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I am trying to develop a simple interface for allowing quick lists to be generated from classes. Basically, the interface needs to return an ID and a Name. However, some classes have a calculated name property which is read only, others just use a read/write name property. Basically, all I care is that it has a getter, it does not matter if the property has a setter. How can I write this interface to handle either or without throwing compile errors?

I have read this question and didn't really follow it, maybe I am just dense. If so, please show me the error of my ways :)

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1 Answer 1

up vote 5 down vote accepted

Looks like the answer from the other question will work: here's a sample:

Public Interface IReadOnly
    ReadOnly Property Name() As String
End Interface

Public Interface IReadWrite
    Inherits IReadOnly

    Overloads Property Name() As String

End Interface

Public Class ReadOnlyClass
    Implements IReadOnly

    Private _Name
    Public ReadOnly Property Name() As String Implements IReadOnly.Name
        Get
            Return _Name
        End Get
    End Property
End Class

Public Class ReadWriteClass
    Implements IReadWrite

    Private ReadOnly Property ReadOnly_Name() As String Implements IReadOnly.Name
        Get
            Return Name
        End Get
    End Property

    Private _Name As String
    Public Overloads Property Name() As String Implements IReadWrite.Name
        Get
            Return _Name
        End Get
        Set(ByVal value As String)
            _Name = value
        End Set
    End Property
End Class


The above approach will actually result in classes that implement IReadWrite also implementing IReadOnly--so you'll actually need to downcast to IReadWrite in order to set the property.

Another approach, which avoids that issue but requires a little more logic in the implementing classes and their caller's is something like:

Public Interface ISometimesWritable
    Property Name() As String
    ReadOnly Property AllowNameEdit() As Boolean
End Interface

Public Class ReadOnlyClass
    Implements ISometimesWritable

    Public ReadOnly Property AllowNameEdit() As Boolean Implements ISometimesWritable.AllowNameEdit
        Get
            Return False
        End Get
    End Property

    Private _Name As String
    Public Property Name() As String Implements ISometimesWritable.Name
        Get
            Return _Name
        End Get
        Set(ByVal value As String)
            Throw New NotSupportedException("Name cannot be set when AllowNameEdit is False")
        End Set
    End Property
End Class

Public Class ReadWriteClass
    Implements ISometimesWritable

    Public ReadOnly Property AllowNameEdit() As Boolean Implements ISometimesWritable.AllowNameEdit
        Get
            Return True
        End Get
    End Property

    Private _Name As String
    Public Property Name() As String Implements ISometimesWritable.Name
        Get
            Return _Name
        End Get
        Set(ByVal value As String)
            _Name = value
        End Set
    End Property
End Class


Update: To answer the question about downcasting; "downcasting" is a term used to describe casting an object from a superclass, interface, or abstract base class Type into a more concrete Type.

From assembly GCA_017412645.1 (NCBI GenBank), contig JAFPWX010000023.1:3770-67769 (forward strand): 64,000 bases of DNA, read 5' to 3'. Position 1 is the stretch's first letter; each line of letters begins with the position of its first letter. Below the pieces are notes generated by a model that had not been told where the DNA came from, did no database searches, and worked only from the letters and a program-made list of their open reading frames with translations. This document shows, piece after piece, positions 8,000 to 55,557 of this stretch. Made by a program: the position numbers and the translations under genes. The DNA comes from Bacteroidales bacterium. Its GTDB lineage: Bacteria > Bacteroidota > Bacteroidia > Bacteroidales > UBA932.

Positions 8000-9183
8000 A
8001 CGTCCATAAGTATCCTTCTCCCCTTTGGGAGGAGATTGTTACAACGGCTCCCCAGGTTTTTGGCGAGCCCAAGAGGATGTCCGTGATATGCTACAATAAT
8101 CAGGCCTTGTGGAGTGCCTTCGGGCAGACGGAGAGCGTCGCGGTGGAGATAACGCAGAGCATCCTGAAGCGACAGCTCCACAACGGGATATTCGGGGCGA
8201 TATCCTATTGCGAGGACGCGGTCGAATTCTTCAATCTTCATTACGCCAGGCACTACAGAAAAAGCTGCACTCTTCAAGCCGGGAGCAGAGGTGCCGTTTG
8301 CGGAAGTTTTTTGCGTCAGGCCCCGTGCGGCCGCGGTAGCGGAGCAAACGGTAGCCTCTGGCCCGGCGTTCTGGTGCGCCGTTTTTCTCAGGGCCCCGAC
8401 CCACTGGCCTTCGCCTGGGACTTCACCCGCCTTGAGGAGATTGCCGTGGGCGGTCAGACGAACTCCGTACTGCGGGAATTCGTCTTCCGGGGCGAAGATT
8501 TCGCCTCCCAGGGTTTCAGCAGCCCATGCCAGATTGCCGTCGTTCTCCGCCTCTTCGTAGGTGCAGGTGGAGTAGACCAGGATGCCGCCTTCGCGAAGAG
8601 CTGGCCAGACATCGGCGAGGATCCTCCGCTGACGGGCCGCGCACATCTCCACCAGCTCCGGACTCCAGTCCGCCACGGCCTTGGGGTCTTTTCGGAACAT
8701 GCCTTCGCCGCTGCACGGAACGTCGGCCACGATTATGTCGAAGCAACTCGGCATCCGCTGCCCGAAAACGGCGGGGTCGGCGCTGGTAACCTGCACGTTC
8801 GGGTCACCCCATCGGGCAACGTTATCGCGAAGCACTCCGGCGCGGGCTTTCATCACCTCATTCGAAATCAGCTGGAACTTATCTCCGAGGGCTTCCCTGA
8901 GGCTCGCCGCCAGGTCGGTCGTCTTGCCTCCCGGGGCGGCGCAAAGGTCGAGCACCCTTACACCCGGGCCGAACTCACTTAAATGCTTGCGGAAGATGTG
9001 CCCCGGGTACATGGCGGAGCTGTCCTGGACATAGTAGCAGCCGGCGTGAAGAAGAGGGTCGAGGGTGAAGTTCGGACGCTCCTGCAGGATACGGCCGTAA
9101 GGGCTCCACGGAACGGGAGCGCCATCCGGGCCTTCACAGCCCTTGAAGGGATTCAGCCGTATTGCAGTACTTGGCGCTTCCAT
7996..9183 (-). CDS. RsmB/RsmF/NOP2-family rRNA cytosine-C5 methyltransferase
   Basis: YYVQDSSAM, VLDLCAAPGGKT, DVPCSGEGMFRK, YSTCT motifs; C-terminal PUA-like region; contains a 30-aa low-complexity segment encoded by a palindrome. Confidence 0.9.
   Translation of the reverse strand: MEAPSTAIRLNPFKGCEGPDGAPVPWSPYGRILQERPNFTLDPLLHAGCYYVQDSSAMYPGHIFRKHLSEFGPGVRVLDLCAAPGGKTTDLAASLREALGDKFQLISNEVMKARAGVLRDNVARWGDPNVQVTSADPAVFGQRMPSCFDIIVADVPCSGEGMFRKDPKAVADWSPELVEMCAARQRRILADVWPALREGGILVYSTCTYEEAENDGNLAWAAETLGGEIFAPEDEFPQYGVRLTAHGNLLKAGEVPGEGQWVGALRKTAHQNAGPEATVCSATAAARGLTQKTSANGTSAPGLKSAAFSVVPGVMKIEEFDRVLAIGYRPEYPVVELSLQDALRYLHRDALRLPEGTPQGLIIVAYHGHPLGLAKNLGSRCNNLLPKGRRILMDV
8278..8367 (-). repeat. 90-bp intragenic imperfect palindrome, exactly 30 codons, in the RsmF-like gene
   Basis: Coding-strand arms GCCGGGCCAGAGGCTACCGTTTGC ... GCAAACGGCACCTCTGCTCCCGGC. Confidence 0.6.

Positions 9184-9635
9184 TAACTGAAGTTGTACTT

For example, the first example above defines two interfaces: IReadOnly and IReadWrite. You'll notice that IReadWrite implements IReadOnly, which means that you can make both IReadWrite and IReadOnly calls to objects which implement IReadWrite.

Since IReadWrite implements IReadOnly, IReadWrite is said to be a "sub-class" of IReadOnly (although "sub-class" is more accurately used to describe a class which inherits a base class, rather then implements an interface--for the sake of simplicity they are very nearly the same concept). If IReadWrite is a sub-class of IReadOnly, then the inverse is true--IReadOnly is a super-class of IReadWrite.

For example, I can describe an instance of ReadWriteClass as an implementation of either interface:

Public Sub SomeMethod()
    dim readOnlyInstance as IReadOnly = new ReadWriteClass()
    Console.WriteLine(readOnlyInstance.Name)

    ' The following line won't compile, since we're communicating with ReadWriteClass as an instance of IReadOnly
    'readOnlyInstance.Name = "Santa Clause"

    ' Here we downcast the variable to reference it by it's other interface, IReadWrite
    dim readWriteInstance = DirectCast(readOnlyInstance, IReadWrite)

    ' Now we can both Get and Set the value of Name
    readWriteInstance.Name = "John Doe"
    Console.WriteLine(readWriteInstance.Name)

    ' Note that in the above example we created *one* instance of ReadWriteClass
    ' and have provided two variables / references to the same underlying object.
    Console.WriteLine(readOnlyInstance.Name) ' <-- note that this should return "John Doe"

End Sub
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I think the question was asking for VB.NET code –  foson Aug 25 '09 at 21:36
    
@foson: whoops! Lemme rewrite it :) –  STW Aug 25 '09 at 21:37
    
Thanks for the code, sorry am so late in getting back to it. Could you give me an example of when and how to implement the downcasting, being a newbie, that is new to me. Thanks. –  JoshPeltier Aug 31 '09 at 20:12
    
Expanded with an example. You should do some reading on the subject of casting; read the MSDN articles and other questions on CType(), DirectCast() and TryCast(). –  STW Sep 1 '09 at 3:37
    
That was detailed and extremely helpful. Thank you! –  MonkeyDoug Mar 21 '13 at 1:46

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